I like to start this process by sitting on a swivel seat that is placed on a 5 gallon bucket. My first step is to teach my dog that there is food in my mouth and that he can learn to catch it. So I will show the dog or puppy with two hands that I am placing food into my mouth while I am sitting on the bucket, I will make blowing noises so it keeps the dog focused upwards while my hands go to my sides, then I will spit to food to my dog, and say “get it”. Do this until your dog or puppy can catch the food, or, understands where the food is coming from. This procedure is setting your “focal point” where you want your dog to look when they are coming in to front position. You can also teach them how to catch in the house, throwing popcorn is a good step to take and they enjoy the game.
Once that is established, you can start to throw the food off to the side and then encourage your dog into front position. I prefer to keep my hands at my sides (when my dog is returning to me and fronting) and use blowing noises to encourage the dog to look up at my face. One thing that SO many people get hung up on is using their hands to guide the dog into front position, and in turn the hands become part of how the behaviour is done and it is difficult to convince the dog otherwise when you try to remove your hands from the picture, i.e. muscle memory sets in.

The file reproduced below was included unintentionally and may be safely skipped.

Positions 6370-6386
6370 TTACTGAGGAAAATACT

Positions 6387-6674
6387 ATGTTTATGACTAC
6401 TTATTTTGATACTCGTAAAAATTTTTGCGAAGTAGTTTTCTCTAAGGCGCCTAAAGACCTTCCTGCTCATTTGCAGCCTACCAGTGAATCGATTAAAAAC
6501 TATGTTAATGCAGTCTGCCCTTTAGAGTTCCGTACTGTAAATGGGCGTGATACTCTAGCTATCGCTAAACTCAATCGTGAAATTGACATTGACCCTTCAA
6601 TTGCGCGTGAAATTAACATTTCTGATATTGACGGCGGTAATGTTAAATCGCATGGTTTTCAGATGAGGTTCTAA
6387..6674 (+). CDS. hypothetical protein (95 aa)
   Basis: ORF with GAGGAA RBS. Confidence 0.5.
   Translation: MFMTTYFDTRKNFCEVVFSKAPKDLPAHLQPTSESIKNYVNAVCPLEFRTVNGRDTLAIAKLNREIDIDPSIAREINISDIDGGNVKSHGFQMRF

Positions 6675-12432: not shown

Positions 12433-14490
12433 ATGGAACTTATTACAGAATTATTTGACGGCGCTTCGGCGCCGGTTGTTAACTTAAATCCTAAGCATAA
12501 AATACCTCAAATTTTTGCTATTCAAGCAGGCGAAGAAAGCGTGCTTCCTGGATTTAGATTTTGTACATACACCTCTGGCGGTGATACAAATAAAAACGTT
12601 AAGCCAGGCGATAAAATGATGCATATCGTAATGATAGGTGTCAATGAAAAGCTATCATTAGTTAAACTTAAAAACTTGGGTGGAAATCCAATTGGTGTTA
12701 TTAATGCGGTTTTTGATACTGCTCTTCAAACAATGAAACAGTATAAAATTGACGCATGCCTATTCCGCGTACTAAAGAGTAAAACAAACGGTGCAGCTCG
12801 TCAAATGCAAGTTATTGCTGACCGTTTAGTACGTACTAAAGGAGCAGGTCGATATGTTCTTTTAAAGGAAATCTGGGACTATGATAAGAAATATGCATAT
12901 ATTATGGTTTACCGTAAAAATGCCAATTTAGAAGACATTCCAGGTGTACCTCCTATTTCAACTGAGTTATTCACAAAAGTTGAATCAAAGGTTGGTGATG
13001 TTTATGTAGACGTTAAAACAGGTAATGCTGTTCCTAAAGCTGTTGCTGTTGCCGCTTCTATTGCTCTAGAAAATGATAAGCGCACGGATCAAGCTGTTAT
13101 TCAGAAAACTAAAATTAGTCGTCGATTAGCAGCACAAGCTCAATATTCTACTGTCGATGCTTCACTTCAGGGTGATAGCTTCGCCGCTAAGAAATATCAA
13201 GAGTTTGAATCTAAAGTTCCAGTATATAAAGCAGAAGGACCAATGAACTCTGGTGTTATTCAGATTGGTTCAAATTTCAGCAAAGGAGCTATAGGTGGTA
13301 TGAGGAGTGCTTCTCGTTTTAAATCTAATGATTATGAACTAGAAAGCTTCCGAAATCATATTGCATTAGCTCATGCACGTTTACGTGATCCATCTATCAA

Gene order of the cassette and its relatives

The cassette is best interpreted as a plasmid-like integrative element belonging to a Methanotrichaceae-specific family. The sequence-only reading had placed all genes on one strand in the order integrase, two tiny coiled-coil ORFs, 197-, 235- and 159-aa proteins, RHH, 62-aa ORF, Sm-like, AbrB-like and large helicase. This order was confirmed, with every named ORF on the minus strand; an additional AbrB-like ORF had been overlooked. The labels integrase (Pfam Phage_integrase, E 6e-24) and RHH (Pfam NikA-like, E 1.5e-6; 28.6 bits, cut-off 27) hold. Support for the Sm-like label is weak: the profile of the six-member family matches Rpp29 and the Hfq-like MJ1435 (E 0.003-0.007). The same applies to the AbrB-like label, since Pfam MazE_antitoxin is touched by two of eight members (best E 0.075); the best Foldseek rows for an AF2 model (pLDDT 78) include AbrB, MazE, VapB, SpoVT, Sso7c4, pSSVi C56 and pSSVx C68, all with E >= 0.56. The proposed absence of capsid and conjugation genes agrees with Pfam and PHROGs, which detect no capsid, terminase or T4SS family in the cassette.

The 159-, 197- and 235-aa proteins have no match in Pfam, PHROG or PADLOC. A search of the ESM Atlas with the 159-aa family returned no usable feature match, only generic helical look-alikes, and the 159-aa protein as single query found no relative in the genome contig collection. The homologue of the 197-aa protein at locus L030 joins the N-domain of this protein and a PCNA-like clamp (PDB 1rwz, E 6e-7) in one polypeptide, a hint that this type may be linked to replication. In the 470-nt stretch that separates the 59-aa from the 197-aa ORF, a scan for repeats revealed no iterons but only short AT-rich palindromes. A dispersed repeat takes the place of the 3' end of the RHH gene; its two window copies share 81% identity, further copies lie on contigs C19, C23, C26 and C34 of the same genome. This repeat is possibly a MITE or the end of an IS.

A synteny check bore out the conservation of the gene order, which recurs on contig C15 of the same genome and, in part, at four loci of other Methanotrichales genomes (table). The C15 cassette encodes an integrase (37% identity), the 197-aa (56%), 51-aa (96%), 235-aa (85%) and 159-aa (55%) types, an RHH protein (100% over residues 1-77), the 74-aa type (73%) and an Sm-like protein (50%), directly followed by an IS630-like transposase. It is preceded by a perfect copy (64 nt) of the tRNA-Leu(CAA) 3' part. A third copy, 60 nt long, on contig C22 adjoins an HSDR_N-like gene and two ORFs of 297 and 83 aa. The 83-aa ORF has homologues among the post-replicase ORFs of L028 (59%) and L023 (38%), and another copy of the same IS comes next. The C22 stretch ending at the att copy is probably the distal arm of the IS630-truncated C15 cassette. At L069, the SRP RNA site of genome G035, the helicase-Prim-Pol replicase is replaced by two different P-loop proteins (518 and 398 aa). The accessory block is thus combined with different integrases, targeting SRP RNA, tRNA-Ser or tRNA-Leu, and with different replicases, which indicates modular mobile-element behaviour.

On a bucket is the best place to start this as your face is not far from the dog and they can connect easier than when you are standing. I do not teach small dogs to look at my face, it is to far up and they tend to sit away from you in front position so they can see your face. Small dogs have a lower focal point, perhaps my waist area or my knees depending on the size of the dog.
Make throwing the treat fun, it will keep your dog enthusiastic and wanting to keep trying, and in turn, fronts can be fun and not a boring, drilling process.
This video shows how I use my legs as chutes for the dog to learn how to come in straight, and I am also introducing off angle fronts at this time. This is part one of a video series I will be releasing on how I teach fronts. I hope you enjoy the learning process,